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Cancer-causing agent detected in water after pipeline spill

January 21, 2015 8:19 am | by By Matthew Brown - Associated Press - Associated Press | Comments

Eastern Montana residents rushed to stock up on bottled water Tuesday after authorities detected a cancer-causing component of oil in public water supplies downstream of a Yellowstone River pipeline spill. Elevated levels of benzene were found in water samples from a treatment plant that serves about 6,000 people in the agricultural community of Glendive, near North Dakota.

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Hearing-aid intervention helps individuals gradually adjust to devices

January 21, 2015 8:10 am | by Jesslyn Chew, Univ. of Missouri | Comments

When individuals wear their hearing aids for the first time, they are flooded with sounds they haven’t heard in months or years; yet, previous research has shown not all new sounds are welcomed. Ambient noises can be painful, irritating and difficult to ignore, causing some individuals to stop using their hearing aids right away. Now, a Univ. of Missouri researcher has developed an intervention.

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Self-assembled nanotextures create antireflective surface on silicon solar cells

January 21, 2015 8:05 am | by Karen McNulty Walsh, Brookhaven National Laboratory | Comments

Reducing the amount of sunlight that bounces off the surface of solar cells helps maximize the conversion of the sun's rays to electricity, so manufacturers use coatings to cut down on reflections. Now scientists at Brookhaven National Laboratory show that etching a nanoscale texture onto the silicon material itself creates an antireflective surface that works as well as state-of-the-art thin-film multilayer coatings.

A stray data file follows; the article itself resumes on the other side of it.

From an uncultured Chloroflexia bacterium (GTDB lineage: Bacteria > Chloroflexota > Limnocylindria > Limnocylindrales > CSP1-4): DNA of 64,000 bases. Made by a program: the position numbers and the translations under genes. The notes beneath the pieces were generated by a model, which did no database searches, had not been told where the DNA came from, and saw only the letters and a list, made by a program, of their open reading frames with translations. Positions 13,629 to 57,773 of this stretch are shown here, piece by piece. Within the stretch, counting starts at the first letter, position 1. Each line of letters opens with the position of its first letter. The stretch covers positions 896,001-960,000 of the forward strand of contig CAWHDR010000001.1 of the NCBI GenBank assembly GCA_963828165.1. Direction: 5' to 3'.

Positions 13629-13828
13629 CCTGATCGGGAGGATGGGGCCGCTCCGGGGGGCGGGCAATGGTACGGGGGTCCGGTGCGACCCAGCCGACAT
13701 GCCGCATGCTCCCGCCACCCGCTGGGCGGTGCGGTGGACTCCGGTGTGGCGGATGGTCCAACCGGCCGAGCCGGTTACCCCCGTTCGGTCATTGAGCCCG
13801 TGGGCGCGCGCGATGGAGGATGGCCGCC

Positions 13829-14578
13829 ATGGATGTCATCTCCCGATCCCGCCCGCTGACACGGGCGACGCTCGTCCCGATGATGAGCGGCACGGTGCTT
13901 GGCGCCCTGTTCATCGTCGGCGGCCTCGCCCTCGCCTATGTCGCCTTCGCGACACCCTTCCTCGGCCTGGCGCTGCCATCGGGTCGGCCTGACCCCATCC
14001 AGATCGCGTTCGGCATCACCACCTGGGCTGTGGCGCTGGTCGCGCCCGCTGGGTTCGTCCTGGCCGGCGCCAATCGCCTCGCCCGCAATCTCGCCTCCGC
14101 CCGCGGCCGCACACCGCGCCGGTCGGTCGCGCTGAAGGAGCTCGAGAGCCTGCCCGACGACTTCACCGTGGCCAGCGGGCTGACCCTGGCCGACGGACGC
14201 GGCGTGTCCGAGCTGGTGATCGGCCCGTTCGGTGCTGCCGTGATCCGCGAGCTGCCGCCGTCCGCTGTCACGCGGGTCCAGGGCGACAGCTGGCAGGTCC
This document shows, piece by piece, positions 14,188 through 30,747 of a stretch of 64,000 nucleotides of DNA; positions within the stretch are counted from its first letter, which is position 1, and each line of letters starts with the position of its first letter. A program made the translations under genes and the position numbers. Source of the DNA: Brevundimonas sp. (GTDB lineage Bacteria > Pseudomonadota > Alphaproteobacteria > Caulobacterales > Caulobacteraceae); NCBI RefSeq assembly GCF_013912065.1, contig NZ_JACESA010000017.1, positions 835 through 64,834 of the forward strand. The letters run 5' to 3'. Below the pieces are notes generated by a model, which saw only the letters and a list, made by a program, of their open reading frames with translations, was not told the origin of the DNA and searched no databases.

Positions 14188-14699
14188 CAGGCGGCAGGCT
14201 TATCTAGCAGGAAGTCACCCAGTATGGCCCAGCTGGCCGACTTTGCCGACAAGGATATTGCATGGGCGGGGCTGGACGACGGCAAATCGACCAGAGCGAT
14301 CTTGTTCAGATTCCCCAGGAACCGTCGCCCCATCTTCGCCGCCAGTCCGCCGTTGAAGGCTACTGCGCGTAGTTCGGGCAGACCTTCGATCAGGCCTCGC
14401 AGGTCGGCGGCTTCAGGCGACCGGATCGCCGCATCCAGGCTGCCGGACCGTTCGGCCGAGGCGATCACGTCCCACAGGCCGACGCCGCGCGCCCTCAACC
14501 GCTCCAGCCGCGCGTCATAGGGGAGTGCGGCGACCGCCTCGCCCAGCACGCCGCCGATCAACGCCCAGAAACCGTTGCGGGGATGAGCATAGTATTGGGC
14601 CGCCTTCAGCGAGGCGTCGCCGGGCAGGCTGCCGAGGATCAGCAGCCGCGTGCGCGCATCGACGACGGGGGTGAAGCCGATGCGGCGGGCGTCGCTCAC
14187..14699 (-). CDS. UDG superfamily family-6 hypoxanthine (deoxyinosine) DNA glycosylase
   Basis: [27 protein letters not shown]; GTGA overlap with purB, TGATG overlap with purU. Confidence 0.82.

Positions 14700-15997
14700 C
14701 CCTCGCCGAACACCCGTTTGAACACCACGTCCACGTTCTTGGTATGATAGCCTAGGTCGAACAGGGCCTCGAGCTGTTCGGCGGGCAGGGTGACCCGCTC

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Sequestration on shaky ground

January 21, 2015 7:46 am | by Jennifer Chu, MIT News Office | Comments

Carbon sequestration promises to address greenhouse gas emissions by capturing carbon dioxide from the atmosphere and injecting it deep below the Earth’s surface, where it would permanently solidify into rock. The U.S. Environmental Protection Agency estimates that current carbon sequestration technologies may eliminate up to 90% of carbon dioxide emissions from coal-fired power plants.

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Melting glaciers have big carbon impact

January 20, 2015 11:21 am | by Kathleen Haughney, Florida State Univ. | Comments

As the Earth warms and glaciers all over the world begin to melt, researchers and public policy experts have focused largely on how all of that extra water will contribute to sea level rise. But another impact lurking in that inevitable scenario is carbon. More specifically, what happens to all of the organic carbon found in those glaciers when they melt?

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Laser-patterning technique turns metals into supermaterials

January 20, 2015 11:14 am | by American Institute of Physics | Comments

By zapping ordinary metals with femtosecond laser pulses researchers from the Univ. of Rochester have created extraordinary new surfaces that efficiently absorb light, repel water and clean themselves. The multifunctional materials could find use in durable, low maintenance solar collectors and sensors.

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Snails produce weaponized insulin

January 20, 2015 11:06 am | by Joe Rojas-Burke, Univ. of Utah | Comments

As predators go, cone snails are slow moving and lack the typical fighting parts. They’ve made up for it by producing a vast array of fast-acting toxins that target the nervous systems of prey. A new study reveals that some cone snails add a weaponized form of insulin to the venom cocktail they use to disable fish.

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Geophysicists find the crusty culprits behind sudden tectonic plate movements

January 20, 2015 10:40 am | by Jim Shelton, Yale Univ. | Comments

Yale Univ.-led research may have solved one of the biggest mysteries in geology: namely, why do tectonic plates beneath the Earth’s surface, which normally shift over the course of tens to hundreds of millions of years, sometimes move abruptly? A new study says the answer comes down to two things: thick crustal plugs and weakened mineral grains.